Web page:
Anyways, the tactics that were a huge game changer for me is get there early to scout. Be mentally and EMOTIONALLY willing to keep going (I wanted to quit after day two and seriously contemplated it). Be patient. Be quiet, Glass, slowly walk, be quiet, glass, slowly walk. Be more patient, including with your shot, take as many breaths as you need and if you lose the opportunity at least you won’t kick yourself in the ass for missing. Also a very important mental tactics, repeat in your head the saying “Good things happen to the hunter who keeps hunting.” I’m sure more experienced guys have better tactics but those are what worked for me this time.

Edit: just saw your pictures. Move near or in the timber. The vertical lines of the trees will break up your movement. I know it’s crunchy and I know you’re probably moving slowly but move even slower. So slow you feel like you’re about to fall over. take 3 steps, pause, then 2, pause, then 1. The point is to break up the bipedal sounds of a human walking. Depending on how much time you have, you can wait for high wind or rain to block out the sounds.
Man that’s awesome, thanks for sharing all that. And congrats on the animal, I’m still waiting on that first big game animal.

What you said it what I will continue to adjust:

1. Take your time on the stalks. Slow down.
2. Slow WAY down when still hunting. I was increasing my encounters with deer from covering much more ground, but was bumping them before I ever had a chance.

At the latter part of this trip I began sitting by trails in a makeshift tree blind. I felt like I waisted some mornings and evenings, I saw a glimpse of the white butt of a doe while doing that, and that’s it. That tactic provided no close encounters or possible stalks.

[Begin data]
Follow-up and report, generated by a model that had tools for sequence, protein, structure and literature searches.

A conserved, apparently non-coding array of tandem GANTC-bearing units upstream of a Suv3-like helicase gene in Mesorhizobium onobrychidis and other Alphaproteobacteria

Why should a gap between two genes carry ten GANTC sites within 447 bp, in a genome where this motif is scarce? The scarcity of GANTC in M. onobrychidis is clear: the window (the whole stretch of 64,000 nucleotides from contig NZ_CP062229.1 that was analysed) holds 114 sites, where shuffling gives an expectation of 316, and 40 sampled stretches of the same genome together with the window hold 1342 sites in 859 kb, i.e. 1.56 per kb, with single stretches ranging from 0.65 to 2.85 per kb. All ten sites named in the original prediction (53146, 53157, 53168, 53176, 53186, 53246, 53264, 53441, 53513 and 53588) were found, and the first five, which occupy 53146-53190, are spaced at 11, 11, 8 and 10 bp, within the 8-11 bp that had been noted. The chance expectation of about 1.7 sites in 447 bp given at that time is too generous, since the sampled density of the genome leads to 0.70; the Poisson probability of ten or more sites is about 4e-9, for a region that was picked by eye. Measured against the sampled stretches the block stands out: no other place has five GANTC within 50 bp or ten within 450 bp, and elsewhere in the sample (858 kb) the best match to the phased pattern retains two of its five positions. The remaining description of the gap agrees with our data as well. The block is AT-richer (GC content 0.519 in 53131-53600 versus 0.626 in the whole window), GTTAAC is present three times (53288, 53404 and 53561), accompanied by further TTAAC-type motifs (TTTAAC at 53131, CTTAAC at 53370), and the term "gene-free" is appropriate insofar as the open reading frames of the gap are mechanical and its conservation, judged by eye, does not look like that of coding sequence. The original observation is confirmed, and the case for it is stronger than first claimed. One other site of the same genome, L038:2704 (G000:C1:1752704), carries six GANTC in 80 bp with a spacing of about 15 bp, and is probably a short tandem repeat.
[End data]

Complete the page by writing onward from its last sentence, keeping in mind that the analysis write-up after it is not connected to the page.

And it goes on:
COrookie

Member
Joined
Aug 4, 2020
Messages
61
Location
Colorado
Man that’s awesome, thanks for sharing all that. And congrats on the animal, I’m still waiting on that first big game animal.

What you said it what I will continue to adjust:

1. Take your time on the stalks. Slow down.
2. Slow WAY down when still hunting. I was increasing my encounters with deer from covering much more ground, but was bumping them before I ever had a chance.

At the latter part of this trip I began sitting by trails in a makeshift tree blind. I felt like I waisted some mornings and evenings, I saw a glimpse of the white butt of a doe while doing that, and that’s it. That tactic provided no close encounters or possible stalks.
Also, YOU’RE GETTING INTO DEER. You’re doing a good job but probably just need to tweak a few things here and there. You’re doing better than a lot of others. I know we hunt western mule deer and the name of the game out here is to hunt hard everyday but if you have the time and need to wait for more favorable conditions (wind, rain) for a stalk then just hang back and wait. Taking that morning off to focus on what I’m doing wrong just taking my time to get after it again was a huge factor for me. If wind sucks, just sit down and wait for it to change.
 

Wallydeuce

Well-known member
Joined
Feb 24, 2021
Messages
1,353
Location
NV
Have your bow in one hand and your binoculars in the other. I use small pocket size binos. Hell, your range finder will work just fine.
Don't cross a meadow unless you have no other way. Get into the timber about 10 yards, take 2-3 steps, stop and glass ahead of you. I'm talking 50 or so yards ahead of you. Repeat.
Walk game trails. They do.
And remember, unless you scare the hell out of them, they'll be back to the same area tomorrow or the day after.
And last but first and foremost. Wind. Never ignore the wind.
 

DEhunter

New member
Joined
Feb 6, 2022
Messages
4
Location
Delaware
I had a similar experience during my first archery mule deer hunt in Colorado at the beginning of September. Quickly found out that mule deer are not everywhere, and they are not dumb, despite what some had said prior to the trip. Tried hunting big meadows, small meadows, alpine, near the road, away from the road, and beetle killed areas that had been recently timbered with old logging roads and skidder paths. The latter is where we had the most encounters with bucks, first thing in the morning and in the evening. The most productive areas were those near timberline, had drainages coming out of the alpine, and rock “barriers” at the top. Still, we did not see that many deer overall and did not kill. Great suggestions about having your bow ready and moving very slow. Had we done this opening morning, would have shot at (and hopefully killed) the quality buck that was staring down at us 33 yards away while our bows were tethered to our packs.